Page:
22 October 2009

A "W" for #TeamDanie (iii)

They say you can't sleep the night before the race. I set out to prove them wrong. And I failed.

The way I remember it, I was in a deep, replenishing sleep until I heard the familiar tinkle of a text message. I didn't check the message (I keep my phone out of reach when I sleep) and rolled over to continue my snooze. Too bad my brain jumped to hyper activity.
Who sent that message? What time is it? Am I late meeting my running mates? Why didn't my alarm go off? Why didn't Jesse's alarm go off? Did the power go out? That wouldn't matter. Just check the phone. Well look outside; is that "3AM dark "or "5AM dark?" They would have called if you weren't there. Go back to sleep.

But nerves had been rattled. I slowly convinced myself I hadn't overslept. I even convinced myself I had gone back to sleep for a bit. But I really just woke up with my eyes closed. I did a body check for injuries. I did an in-bed stretch and some deep breathing. I even re-checked my checklist. And after all that, it was only 4AM. I lay in bed for another hour.

The "race day ritual" had been set for months. It's the same as any "run day ritual." I had trained my body to be a creature of habit. And that moment of truth did not warrant a moment of change. I had toast and coffee 90 minutes before run time. I gulped down a tall glass of water. I packed my utility belt. I checked my phone (the 3AM text was from my dad). I updated Twitter & Facebook, and stared at myself in the mirror. I was ready. I just had to wait for the rest of #teamDanie.

I brought Jesse & Joel a blank sign from the Expotique Thursday night. It was so they - as spectators - could write something encouraging for me to read as I passed them. No, I never handed them markers. But Jesse & I share a desk. So he knows where the pens & markers are. Still, sign coloring didn't commence until a quarter to go time Sunday morning.


Joel getting started.

A two man color job once we realized it was time to go.

We then walked down the street (see me & Joel to the left) to meet designated running buddies Joanne, Charlene and (girl) Jesse. Charlene & (girl) Jesse are mentors with Team in Training. Neither was technically my mentor, but we live in the same neighborhood and shared a lot of sweat this season. Joanne lives near my job. She and I run close to the same pace. So we became friends during the season and decided to at least start the race together. We met at 6:15 and walked down to Union Square. It was starting to hit me.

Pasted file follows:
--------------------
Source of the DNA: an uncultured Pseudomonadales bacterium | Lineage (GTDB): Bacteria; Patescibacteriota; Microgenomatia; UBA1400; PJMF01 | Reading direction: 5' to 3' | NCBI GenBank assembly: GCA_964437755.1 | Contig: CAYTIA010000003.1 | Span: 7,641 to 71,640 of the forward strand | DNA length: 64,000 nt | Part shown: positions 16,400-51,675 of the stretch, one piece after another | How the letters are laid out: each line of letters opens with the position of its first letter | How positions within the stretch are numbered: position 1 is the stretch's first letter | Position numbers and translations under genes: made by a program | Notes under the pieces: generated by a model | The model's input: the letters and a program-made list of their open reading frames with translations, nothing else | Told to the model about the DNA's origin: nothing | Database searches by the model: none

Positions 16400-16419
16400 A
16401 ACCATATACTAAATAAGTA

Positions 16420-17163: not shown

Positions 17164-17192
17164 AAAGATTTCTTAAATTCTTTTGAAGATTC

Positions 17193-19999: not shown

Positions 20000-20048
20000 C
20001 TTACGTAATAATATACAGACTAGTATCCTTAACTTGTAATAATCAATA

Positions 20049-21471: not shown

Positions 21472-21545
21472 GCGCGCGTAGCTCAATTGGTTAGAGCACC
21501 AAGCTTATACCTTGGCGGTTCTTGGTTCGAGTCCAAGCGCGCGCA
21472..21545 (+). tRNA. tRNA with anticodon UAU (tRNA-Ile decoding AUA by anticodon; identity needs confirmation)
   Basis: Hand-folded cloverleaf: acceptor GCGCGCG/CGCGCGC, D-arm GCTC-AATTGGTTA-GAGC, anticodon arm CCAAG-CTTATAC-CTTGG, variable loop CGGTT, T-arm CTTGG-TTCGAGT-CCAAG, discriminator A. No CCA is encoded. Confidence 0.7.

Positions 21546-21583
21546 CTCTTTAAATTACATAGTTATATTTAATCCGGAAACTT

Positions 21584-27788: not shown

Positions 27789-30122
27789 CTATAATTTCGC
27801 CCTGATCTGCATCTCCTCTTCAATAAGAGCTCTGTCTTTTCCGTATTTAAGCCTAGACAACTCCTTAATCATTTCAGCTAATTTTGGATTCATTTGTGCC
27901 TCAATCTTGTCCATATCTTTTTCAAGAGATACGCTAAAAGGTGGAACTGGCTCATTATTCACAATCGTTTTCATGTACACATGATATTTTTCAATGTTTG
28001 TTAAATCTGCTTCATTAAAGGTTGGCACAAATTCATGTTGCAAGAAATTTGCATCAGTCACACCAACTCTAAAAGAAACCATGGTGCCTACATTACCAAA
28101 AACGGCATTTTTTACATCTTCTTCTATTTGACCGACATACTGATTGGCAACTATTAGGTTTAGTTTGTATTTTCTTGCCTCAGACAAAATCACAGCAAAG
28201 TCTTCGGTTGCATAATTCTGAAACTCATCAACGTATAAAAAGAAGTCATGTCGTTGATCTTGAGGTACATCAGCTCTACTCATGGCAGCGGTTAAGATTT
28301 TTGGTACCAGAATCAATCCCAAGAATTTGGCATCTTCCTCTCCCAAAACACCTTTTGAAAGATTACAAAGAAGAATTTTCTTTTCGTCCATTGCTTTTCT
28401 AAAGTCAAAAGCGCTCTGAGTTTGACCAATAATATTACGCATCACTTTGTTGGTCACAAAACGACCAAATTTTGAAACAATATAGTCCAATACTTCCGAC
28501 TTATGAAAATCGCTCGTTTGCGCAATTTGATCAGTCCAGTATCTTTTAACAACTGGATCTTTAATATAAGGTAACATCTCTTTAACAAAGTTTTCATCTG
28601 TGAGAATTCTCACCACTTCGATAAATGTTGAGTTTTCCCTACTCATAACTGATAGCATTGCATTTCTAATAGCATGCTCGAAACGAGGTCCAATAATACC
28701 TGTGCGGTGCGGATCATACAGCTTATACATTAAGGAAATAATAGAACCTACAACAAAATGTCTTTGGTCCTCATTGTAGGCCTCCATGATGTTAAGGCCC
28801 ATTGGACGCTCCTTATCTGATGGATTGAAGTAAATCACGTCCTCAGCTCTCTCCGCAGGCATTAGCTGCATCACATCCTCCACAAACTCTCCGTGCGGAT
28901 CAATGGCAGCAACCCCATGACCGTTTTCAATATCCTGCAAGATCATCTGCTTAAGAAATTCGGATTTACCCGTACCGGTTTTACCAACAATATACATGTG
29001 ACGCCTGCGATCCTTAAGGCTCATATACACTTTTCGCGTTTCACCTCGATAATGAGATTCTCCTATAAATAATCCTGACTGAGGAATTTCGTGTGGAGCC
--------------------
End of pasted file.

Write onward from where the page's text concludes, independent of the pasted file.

We saw other runners as we headed down the hill. Imagine being up at 6 on a Sunday morning, walking to your workout, and finding first hundreds - then thousands - of people doing the same. It was surreal and for a minute I felt as if I couldn't open my eyes wide enough for my brain to understand it all. I stopped thinking about the course, about the running, about the everything. I was just there. It was mighty exciting.

My butt & utility belt.

Me, (girl) Jesse, Charlene & Joanne

We sorted ourselves by pace time. Basically we were wrapped around the black from the start line. Once at our designated corner, we waited. We tried to take pictures to capture the moment, but it honestly wasn't possible. It wasn't the same as being at a ballgame, or as being on the Las Vegas Strip for New Year's Eve. It wasn't even the same as being floor level at a concert. It wasn't even like the 5k I ran in September. It was its own feeling, felt only by the people who were there or who have been around a large group of runners. There were 20,000 of us registered. People like me brought two supporters. People like Charlene and (girl) Jesse weren't registered. It was quite the "to do."

The corner for our pace group.

Waiting.

Yup. I ran with my phone. Since Jesse had the camera, I needed it to document. Plus I have trouble "disconnecting."

Jesse & I planned meeting spots along the course. Based on me running a 1o minute mile, Jesse wrote down times and mile markers on a piece of paper. He tucked the paper in a folder with the course and the spectator guide and put that in his back pocket. He was ready, not deterred even after I told him there was no way I'd be starting right at 7. There were elite runners. There were Impalas. There were 8 minute milers. I think there were even wheelchair racers. There was no way I'd be starting at 7, but Jesse said he wasn't worried. And then neither was I.

Jesse's race day packet.

Jesse's orange marker. It was a lot easier for me to find him than for him to find me.

He & Joel went to the start. I stood in the street. The music got louder. There were various bouts of cheering. There were faces in the windows of the hotels surrounding us. I started wondering if they knew what was happening. I made sure my friends were close. I started singing along. I kicked a few fallen water bottles. I looked for Jesse. I checked my phone for his locale. I updated Twitter. I saw the starting mat. I looked at Joanne and I memorized the moment. I was racing.